That's right, after almost a year of The Sims Mobile existing as a soft launch testing release, Electronic Arts has finally seen fit to open the floodgates and officially push this title out to the rest of the world. But before you get too excited, it is sadly just like every other The Sims mobile game on our platform. This means you can expect plenty of wait timers and in-app purchases that range up to $99.99 per item.
Electronic Arts have soft-launched their new Sims game in Brazil. It is titled The Sims Mobile, and it is offering an experience a bit more similar to the PC franchise. Currently, the majority of us cannot install it from the Play Store but if history is anything to judge by it should be releasing for the rest of us soon.
Remember when console sports games were just about, you know, sports? RBI Baseball back on the Genesis was basically just Street Fighter with nine guys on a side: pick a team, pick an opponent, and go. EA's latest soccer games have season modes, manager modes, career modes, and on and on and on. The FIFA Ultimate Team mode, a mix of franchise management and "fantasy" sports with full-length matches, is designed so that players can pit their team-building skills against online opponents all over the world. (Oh, and also spend a bunch of money on in-app purchases for a $60 game).
Last year EA released a companion app for the NBA Live console game that let you stick your face on a basketball player. This year, forget the gimmicks. You get a full blown NBA Live experience to play on your touchscreen.
NBA Live for Android has been undergoing geo-limited testing for quite the while now, with millions of people having already downloaded the title. Now it's openly available on Google Play.
Match-three games are inherently derivative at this point - there's only so much spin you can put on a genre so played-out that even your grandma is probably getting a bit bored swapping kitty cats for lollipops in a landscape best described as the pink-and-yellow paletted fever dream of a six-year-old. But if you're looking for yet another match-three indulgence that sits in at least one of the more desirable mid-outer circles of hell, you might enjoy the latest take on the genre from one of its earliest innovators, Pop Cap, in the form of Bejeweled Stars.
Looking for some cheap games? Then Electronic Arts and its mobile subsidiary Chillingo would like to offer you a selection for just a dime a piece (assuming you live in the US, Canada, Mexico, and a few other places). None of the games are particularly new with the exception of Power Ping Pong (which is pretty great) and the horror adventure game In Fear I Trust (which was just published), but most of them cost $4-5 at their regular prices.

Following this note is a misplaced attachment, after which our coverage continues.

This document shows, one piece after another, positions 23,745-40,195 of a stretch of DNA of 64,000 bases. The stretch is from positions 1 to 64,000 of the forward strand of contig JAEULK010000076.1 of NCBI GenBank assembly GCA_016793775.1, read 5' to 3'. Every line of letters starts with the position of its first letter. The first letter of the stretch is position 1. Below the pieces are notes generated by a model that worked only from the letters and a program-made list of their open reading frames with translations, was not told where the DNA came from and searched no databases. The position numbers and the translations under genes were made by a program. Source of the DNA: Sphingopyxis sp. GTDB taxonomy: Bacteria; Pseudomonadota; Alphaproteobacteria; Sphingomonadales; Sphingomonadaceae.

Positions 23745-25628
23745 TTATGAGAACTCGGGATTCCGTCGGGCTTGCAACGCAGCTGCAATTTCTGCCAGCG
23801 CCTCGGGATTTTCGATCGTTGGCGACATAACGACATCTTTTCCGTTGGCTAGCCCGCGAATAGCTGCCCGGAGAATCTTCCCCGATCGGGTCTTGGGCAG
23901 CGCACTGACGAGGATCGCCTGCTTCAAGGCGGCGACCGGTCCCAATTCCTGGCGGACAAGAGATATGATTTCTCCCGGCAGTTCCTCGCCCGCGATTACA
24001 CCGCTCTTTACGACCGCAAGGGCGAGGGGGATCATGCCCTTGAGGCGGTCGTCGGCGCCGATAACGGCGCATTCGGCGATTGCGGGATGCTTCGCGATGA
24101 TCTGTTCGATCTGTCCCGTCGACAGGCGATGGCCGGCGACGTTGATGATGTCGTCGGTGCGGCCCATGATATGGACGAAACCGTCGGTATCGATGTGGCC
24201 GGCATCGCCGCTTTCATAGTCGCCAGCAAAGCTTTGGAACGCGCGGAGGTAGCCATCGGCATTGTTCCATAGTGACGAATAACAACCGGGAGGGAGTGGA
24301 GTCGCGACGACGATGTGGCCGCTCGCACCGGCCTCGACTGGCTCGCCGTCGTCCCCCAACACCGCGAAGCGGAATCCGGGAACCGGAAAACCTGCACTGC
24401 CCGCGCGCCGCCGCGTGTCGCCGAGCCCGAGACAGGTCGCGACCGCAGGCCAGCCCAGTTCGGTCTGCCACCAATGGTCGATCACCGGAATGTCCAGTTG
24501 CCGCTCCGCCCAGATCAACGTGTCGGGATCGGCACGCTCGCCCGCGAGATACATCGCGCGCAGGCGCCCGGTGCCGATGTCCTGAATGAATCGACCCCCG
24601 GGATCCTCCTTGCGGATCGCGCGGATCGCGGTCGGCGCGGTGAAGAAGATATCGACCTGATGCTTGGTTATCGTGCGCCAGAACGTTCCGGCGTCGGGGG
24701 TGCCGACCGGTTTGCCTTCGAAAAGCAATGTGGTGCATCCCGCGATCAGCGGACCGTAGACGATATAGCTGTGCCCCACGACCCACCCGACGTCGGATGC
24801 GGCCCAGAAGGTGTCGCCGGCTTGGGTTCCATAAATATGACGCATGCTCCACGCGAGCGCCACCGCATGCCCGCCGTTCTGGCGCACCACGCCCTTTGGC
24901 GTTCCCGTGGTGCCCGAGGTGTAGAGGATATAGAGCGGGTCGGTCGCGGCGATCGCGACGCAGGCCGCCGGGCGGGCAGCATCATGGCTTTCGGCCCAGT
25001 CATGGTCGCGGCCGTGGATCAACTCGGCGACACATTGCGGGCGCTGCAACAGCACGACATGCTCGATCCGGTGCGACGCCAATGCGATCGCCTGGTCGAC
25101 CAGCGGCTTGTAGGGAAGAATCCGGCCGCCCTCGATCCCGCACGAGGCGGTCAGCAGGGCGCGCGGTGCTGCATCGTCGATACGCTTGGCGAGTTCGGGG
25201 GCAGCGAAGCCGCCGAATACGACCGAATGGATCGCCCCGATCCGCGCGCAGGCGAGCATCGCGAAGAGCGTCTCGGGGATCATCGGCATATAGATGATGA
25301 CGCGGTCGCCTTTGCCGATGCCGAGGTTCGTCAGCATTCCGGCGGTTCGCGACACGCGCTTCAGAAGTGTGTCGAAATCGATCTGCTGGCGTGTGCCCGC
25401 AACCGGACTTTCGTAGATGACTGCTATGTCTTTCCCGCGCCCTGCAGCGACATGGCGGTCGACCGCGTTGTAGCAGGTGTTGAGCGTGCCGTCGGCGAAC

No Limits is EA's first Need for Speed game built exclusively for mobile devices. It was previously up for pre-order, and now it's officially available for download from Google Play. This touch-friendly racer is free to download, but as you would expect from EA, that doesn't mean you won't feel pressure to spend money.
It's been a few years since a Need for Speed game popped up on Android, but EA announced last year that NFS: No Limits would arrive this spring. The game has already launched on iOS in a few regions, and the early reports indicate EA is up to its same old in-app purchase tricks. Actually, it's maybe even a little worse. No Limits will charge you to fill up the tank, which is funny because that sounds like a limit. Can't be, though. The game is called "no limits."
Fans of the classic SimCity franchise, today is... no, wait. EA has the license for SimCity, don't they? And this is an EA mobile game? Yeeeeeaaaaah, maybe you folks should just track down an old Pentium 4 machine and load up SimCity 2000 instead.
If Electronic Arts' terrible track record of reviving classic franchises for mobile doesn't dissuade you, then SimCity BuildIt is now available internationally from the Play Store. As with most EA games, it has had a brief period of geographically-restricted testing, but now it looks like most territories with access to the Play Store have access to the game.
I think almost every human being in the developed world has, at some point, played the original Peggle games. Those games offered satisfying pachinko-style casual gameplay on numerous platforms, but the new Peggle Blast is different in a few ways. It's the first Peggle game designed primarily for mobile devices, but it's also crawling with EA's customary in-app purchases.